Acute bronchitis laboratory tests

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Editor-In-Chief: C. Michael Gibson, M.S., M.D. [1]; Associate Editor(s)-in-Chief: Seyedmahdi Pahlavani, M.D. [2]; Nate Michalak, B.A.

Overview

Diagnostic tests are rarely needed to confirm the diagnosis of acute bronchitis. In very specific conditions, serologic tests, viral cultures or sputum analyses may be applied. Generally, inflammatory markers such as CRP rise during the course of acute bronchitis.

Laboratory Tests

  • Diagnostic tests are rarely needed to confirm the diagnosis of acute bronchitis.
  • Viral cultures, serologic assays, and sputum analyses may be perform when a potentially treatable infection is thought to be circulating or for epidemiological purposes.[1]

Serologic assays

Procalcitonin

  • Procalcitonin level is helpful to distinguish bacterial from other causes of inflammation. During bacterial infections, the level of procalcitonin will rise over 0.25 mg/L and indicates prescription of antibiotics.[2][3][4]

References

  1. 1.0 1.1 Wenzel RP, Fowler AA (2006). "Clinical practice. Acute bronchitis". N. Engl. J. Med. 355 (20): 2125–30. PMID 17108344. doi:10.1056/NEJMcp061493.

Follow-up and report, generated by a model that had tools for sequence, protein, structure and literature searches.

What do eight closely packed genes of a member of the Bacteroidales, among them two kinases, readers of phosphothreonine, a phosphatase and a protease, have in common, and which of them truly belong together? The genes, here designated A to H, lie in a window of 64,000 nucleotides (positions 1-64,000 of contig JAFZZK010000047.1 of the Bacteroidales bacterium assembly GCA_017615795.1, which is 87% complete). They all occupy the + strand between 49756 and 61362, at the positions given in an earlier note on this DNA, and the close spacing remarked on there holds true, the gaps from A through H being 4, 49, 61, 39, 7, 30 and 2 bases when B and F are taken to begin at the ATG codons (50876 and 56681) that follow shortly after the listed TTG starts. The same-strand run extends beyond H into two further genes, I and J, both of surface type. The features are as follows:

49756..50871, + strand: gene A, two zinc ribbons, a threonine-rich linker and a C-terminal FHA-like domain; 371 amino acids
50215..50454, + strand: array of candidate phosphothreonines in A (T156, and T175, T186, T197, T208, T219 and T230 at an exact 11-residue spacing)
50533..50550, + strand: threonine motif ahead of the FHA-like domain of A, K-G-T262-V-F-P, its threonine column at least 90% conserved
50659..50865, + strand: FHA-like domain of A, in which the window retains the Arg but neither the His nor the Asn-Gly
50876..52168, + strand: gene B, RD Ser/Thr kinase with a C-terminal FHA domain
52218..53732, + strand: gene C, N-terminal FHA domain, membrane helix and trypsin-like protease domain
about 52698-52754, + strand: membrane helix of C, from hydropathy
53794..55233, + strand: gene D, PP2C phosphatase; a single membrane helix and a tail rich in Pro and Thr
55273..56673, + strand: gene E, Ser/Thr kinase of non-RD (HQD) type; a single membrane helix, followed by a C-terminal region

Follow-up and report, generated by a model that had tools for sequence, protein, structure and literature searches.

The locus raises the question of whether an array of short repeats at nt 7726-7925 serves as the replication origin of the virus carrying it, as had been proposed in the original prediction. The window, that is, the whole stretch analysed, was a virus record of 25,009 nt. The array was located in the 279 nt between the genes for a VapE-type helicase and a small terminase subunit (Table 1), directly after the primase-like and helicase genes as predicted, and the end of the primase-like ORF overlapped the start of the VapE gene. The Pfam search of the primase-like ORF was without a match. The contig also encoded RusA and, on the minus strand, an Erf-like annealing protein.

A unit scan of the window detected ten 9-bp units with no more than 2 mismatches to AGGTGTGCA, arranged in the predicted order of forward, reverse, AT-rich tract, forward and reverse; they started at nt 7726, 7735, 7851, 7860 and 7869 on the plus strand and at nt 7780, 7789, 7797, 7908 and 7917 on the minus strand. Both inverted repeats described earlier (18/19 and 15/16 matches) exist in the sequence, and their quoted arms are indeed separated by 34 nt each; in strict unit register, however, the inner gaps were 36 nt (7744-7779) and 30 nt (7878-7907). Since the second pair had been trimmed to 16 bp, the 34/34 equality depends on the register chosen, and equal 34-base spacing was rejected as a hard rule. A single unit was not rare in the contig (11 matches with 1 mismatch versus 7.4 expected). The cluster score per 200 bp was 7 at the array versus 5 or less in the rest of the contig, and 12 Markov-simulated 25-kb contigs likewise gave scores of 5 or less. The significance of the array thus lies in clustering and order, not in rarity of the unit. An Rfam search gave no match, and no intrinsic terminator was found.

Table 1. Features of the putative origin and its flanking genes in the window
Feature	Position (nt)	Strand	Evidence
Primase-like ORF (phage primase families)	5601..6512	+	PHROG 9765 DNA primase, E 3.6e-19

2. Schuetz P, Christ-Crain M, Thomann R, Falconnier C, Wolbers M, Widmer I, Neidert S, Fricker T, Blum C, Schild U, Regez K, Schoenenberger R, Henzen C, Bregenzer T, Hoess C, Krause M, Bucher HC, Zimmerli W, Mueller B (2009). "Effect of procalcitonin-based guidelines vs standard guidelines on antibiotic use in lower respiratory tract infections: the ProHOSP randomized controlled trial". JAMA. 302 (10): 1059–66. PMID 19738090. doi:10.1001/jama.2009.1297. 
  3. Briel M, Schuetz P, Mueller B, Young J, Schild U, Nusbaumer C, Périat P, Bucher HC, Christ-Crain M (2008). "Procalcitonin-guided antibiotic use vs a standard approach for acute respiratory tract infections in primary care". Arch. Intern. Med. 168 (18): 2000–7; discussion 2007–8. PMID 18852401. doi:10.1001/archinte.168.18.2000. 
  4. Gilbert DN (2011). "Procalcitonin as a biomarker in respiratory tract infection". Clin. Infect. Dis. 52 Suppl 4: S346–50. PMID 21460294. doi:10.1093/cid/cir050. 

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